In my bemused mind, I called him “Moses” although he introduced himself as John. Well, maybe John the Baptist, my mind said. Because I am a civil person, I said, “Good morning John” but my mind said Moses.

I did not have the pleasure of his company on the trip home. Someone else had that pleasure. I did have the same driver, however, so I asked about John, er. . . Moses. My driver said that John looks more like Grizzly Adams to him. It’s all a matter of what we tend to think about throughout the day, isn’t it? Since I spend a portion of my day everyday with Moses, Abraham, Isaiah, Paul, John, and other numerous Bible characters, my mind leaped to Moses. Proverbs 13:20 says in part: “He that walketh with wise men shall be wise. . .” and although I have no quibble with Grizzly Adams, I prefer Moses.

Yep, I rode in the van with Moses!

James 4:3 and Me (and maybe you)

The Bible, of course, is full range on how we relate to God and His ways. For some reason, the book called James tends to be my “go to” place for personal revival. Of the Twelve disciples, I see an inner circle of those closest to Jesus: Peter, James, and John. James is so practical; the text niggles into the needy heart.

After the topic of unsurprising trials and temptations, the view of faith and works, the danger of the mighty tongue, James approaches peaceful living and prayer. Selfishness plays a large part in that section of our daily living. If I likened these five divisions within the book to an orchestra, this section would be the section that causes the most discord. Take no offense brass section, but if you are off tune just an itty bit, it throws everyone off.

Wow, you say, prayer can be discordant? It can. Imagine that your Bible has no verse divisions. In that case, prayer is tucked right into strife. So many times the little phrase, “. . . ye have not because you ask not . . .” is lifted out of context. It is followed by an explanation. “Ye ask and receive not because you ask amiss; that ye might consume it upon your lusts.” Wrong reason to pray.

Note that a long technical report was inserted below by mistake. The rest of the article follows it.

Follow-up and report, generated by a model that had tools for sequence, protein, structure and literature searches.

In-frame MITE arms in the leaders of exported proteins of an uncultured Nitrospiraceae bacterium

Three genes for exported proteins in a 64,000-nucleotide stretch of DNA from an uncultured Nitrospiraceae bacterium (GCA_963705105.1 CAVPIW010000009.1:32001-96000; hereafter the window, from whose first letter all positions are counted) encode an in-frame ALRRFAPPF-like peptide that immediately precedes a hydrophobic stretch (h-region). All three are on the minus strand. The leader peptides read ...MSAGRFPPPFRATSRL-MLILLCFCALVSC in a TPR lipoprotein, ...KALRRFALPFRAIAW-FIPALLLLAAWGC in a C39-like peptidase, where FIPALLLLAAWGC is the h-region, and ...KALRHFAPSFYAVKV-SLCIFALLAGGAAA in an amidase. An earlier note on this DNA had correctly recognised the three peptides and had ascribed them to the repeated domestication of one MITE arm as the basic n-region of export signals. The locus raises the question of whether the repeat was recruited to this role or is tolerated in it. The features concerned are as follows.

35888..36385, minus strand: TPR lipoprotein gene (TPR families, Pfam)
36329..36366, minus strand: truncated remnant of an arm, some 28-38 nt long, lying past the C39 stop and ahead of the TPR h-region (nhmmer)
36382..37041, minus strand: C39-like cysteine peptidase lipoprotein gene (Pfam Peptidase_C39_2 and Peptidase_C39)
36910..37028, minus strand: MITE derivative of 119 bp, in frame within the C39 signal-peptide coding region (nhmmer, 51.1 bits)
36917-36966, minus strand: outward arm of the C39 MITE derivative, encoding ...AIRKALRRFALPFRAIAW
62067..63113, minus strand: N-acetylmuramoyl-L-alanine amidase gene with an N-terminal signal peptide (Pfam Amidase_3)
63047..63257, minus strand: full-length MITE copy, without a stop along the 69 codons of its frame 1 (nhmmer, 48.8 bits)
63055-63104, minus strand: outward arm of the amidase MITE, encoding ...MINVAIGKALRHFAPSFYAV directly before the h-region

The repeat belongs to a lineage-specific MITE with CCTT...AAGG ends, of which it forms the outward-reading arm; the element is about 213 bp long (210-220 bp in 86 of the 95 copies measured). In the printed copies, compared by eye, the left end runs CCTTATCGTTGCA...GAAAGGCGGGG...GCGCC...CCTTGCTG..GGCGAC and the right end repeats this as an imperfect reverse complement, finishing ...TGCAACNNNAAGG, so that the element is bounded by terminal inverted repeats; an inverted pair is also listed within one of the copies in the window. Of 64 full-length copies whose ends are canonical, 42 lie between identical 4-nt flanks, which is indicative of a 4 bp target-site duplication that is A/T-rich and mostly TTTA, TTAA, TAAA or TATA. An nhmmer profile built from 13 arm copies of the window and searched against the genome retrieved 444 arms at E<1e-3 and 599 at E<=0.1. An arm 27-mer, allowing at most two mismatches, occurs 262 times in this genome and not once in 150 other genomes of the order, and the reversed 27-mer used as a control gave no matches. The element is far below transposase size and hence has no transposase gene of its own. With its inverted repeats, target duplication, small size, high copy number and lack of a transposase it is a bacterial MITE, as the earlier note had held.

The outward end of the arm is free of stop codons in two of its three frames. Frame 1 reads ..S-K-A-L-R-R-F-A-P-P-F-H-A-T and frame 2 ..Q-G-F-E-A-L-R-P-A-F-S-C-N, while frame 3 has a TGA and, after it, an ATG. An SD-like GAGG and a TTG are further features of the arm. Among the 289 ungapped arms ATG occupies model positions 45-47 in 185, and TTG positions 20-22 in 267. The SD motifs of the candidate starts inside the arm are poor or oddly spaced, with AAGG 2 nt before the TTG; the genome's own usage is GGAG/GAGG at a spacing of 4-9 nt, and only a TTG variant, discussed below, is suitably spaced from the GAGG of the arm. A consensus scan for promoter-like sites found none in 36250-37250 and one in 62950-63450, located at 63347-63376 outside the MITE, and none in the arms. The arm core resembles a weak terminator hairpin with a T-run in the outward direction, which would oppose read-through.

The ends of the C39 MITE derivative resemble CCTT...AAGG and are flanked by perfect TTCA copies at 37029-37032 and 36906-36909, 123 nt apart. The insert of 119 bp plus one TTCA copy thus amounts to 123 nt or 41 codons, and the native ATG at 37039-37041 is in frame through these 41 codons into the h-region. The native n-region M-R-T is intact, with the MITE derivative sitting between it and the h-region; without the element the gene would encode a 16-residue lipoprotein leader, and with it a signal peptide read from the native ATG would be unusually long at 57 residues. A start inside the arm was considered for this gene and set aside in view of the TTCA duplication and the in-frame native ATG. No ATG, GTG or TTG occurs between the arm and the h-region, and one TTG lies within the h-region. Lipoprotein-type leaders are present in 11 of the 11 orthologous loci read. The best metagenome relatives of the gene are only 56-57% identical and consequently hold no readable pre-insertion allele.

Years ago I managed to offend someone who came to me seeking an answer to her plea that God save her husband. She went on and on about how much better the family would be if only her husband would yield to Christ and become a Christian. I took her to this verse. “Are you asking,” I spoke, “because you are concerned about his soul, or because you want a more peaceful life?” She left me with a huff. Some months later he did come to Christ for salvation. Her praying may have changed. I just decided not to stir up a potential hornet’s nest by asking.

Yesterday on my way to the doctor’s office I was riding in a van and looking over the vast population of the city we were approaching. I wondered about the souls represented there. Lost souls, souls searching, souls in discord, souls in rebellion all floated into my heart. I wondered, are American Believers praying for revival because we just want things to be more comfortable? Do our hearts break for the souls that will perish into everlasting separation from God and the splendor of Heaven? I heard in my heart the compassionate, compelling words of Jesus: “Oh Jerusalem, Jerusalem. . .” and echoed in my heart the name of my city. Of course, I want things better, but more than that, I don’t want to see folks facing eternal punishment because I did not at least pray for them.